May 24, 2024

Black Women With Depression Open to Mobile Health Tools

Black women with depression are open to the idea of using mobile technology to facilitate mental health care, according to a new survey.

The study also found that patients had more favorable attitudes toward the use of voice and video calls compared with the use of text-messaging or mobile apps. The report was published in the Journal of Medical Internet Research.

Black women in America have a high rate of depression, with previous reports estimating that more than one-quarter (27%) of non-Hispanic Black women will experience depression during the course of their lives. The study authors noted that several factors have been associated with the risk of depression in this population, including low socioeconomic status, racial and gender discrimination, cardiometabolic conditions, and other complex life demands.

For those with mental illness, stigma can often be a barrier to receiving care, as can other concerns, such as lack of health insurance, mistrust of health care providers, and limited health literacy, they said.

Some of those barriers can be mitigated through the use of digital health technologies, the authors said, such as phone calls and text messaging. For instance, such tools can eliminate the need for travel and may also be more affordable, the investigators said.

Given the high rate of smartphone ownership among Black women (around 80%), the technology itself appears to be widely accessible, and patients in general seem to be increasingly comfortable using mobile technology in their health care, they added.

Yet, most of the existing literature regarding the use of mobile health (mHealth) technology to manage depression is based on study populations that were predominantly made up of White participants, the authors noted.

“Therefore, the results may not be generalizable to all racial groups,” they wrote. “Further exploration of the use of mobile technology to provide mental health resources and services to Black American women is necessary.”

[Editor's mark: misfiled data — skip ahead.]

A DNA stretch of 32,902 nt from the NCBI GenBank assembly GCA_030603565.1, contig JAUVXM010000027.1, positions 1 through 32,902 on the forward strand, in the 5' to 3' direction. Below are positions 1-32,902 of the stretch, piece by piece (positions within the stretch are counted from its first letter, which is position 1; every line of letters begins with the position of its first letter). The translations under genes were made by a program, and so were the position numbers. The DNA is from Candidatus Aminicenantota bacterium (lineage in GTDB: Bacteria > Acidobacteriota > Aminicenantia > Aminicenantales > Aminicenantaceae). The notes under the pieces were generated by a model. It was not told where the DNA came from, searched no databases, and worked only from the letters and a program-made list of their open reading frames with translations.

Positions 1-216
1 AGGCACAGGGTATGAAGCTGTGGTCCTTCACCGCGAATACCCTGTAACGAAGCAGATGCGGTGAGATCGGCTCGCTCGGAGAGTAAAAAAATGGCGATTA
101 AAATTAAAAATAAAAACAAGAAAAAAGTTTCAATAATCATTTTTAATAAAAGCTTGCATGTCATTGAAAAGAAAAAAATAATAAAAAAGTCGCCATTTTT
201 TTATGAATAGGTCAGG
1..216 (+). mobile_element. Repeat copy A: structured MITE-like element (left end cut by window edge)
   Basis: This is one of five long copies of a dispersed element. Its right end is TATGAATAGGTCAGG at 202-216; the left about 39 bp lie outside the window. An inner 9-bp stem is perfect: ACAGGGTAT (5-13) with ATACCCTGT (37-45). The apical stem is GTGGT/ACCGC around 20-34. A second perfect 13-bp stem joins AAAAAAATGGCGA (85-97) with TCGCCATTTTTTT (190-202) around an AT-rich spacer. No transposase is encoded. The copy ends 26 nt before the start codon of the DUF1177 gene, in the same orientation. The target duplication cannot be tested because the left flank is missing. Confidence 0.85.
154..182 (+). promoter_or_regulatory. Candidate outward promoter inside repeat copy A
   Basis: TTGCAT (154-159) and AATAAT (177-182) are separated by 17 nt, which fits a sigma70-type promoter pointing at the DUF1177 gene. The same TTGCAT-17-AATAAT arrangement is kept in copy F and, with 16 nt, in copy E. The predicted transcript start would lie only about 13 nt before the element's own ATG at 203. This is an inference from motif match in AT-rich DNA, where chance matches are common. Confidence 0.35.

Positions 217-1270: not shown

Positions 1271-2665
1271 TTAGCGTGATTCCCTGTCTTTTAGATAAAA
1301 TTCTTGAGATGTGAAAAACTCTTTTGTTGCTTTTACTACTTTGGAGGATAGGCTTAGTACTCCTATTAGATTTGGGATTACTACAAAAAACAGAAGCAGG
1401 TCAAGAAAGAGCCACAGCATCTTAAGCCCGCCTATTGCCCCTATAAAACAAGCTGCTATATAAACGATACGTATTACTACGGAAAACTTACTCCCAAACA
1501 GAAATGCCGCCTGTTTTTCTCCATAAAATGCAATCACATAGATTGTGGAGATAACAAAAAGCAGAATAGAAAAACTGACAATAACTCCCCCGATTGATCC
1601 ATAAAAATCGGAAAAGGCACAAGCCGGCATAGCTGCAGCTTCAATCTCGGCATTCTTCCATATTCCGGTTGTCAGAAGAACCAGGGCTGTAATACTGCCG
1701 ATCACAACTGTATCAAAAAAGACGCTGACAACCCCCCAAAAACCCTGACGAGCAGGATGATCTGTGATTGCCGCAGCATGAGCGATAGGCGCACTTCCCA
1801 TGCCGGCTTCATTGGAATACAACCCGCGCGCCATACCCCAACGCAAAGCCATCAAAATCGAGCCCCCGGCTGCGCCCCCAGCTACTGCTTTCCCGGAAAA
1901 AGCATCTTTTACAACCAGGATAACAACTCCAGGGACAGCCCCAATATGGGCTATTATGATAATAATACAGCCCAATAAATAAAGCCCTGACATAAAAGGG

The investigators created a web-based questionnaire and invited women 18 years and older who identified as Black, African American, or multiracial (Black or African American plus another race) to complete the questionnaire, which included screening questions designed to identify symptoms of depression.

A total of 395 people completed the survey during the survey window, which lasted from October 2019 through January 2020. All but 4 of the participants said they owned a mobile phone.

“The results of the survey revealed that respondents were most comfortable with the use of voice call followed by video call, mobile app, and SMS text messaging to communicate with a professional to receive help for managing depression,” the authors said.

Seven in 10 participants said they would use a voice call to help manage depression, and nearly two-thirds (64.3%) said they would use a video call for the same. For both SMS text messaging and mobile app usage, the acceptance rates were 45.1%.

The investigators found a number of factors had an impact on a participant’s willingness to try mobile health modalities. People with a higher help-seeking propensity were notably more likely to approve of voice and video calls as a treatment option, though the same was not true for text messages and app usage. Patients with moderate to severe symptoms were 43% more likely to use mobile apps, but that did not extend to other treatment modalities.

When asked about their concerns about using these technologies, participants said privacy, the possibility of message misinterpretation, and the impersonal feeling associated with device-based communication were the primary concerns, the authors reported.

The investigators noted that the survey was conducted just before the COVID-19 pandemic. They said the rapid expansion of digital health technologies that came as a result of the pandemic would likely increase the accessibility of mHealth technologies for Black women.

“However, future engagement strategies should seek to provide information, establish trust, and provide accessible and affordable culturally relevant options for mental health support,” they said.

Reference

McCall T, Foster M, Schwartz TA. Attitudes toward seeking mental health services and mobile technology to support the management of depression among Black American women: cross-sectional survey study. J Med Internet Res. 2023;25:e45766. doi:10.2196/45766

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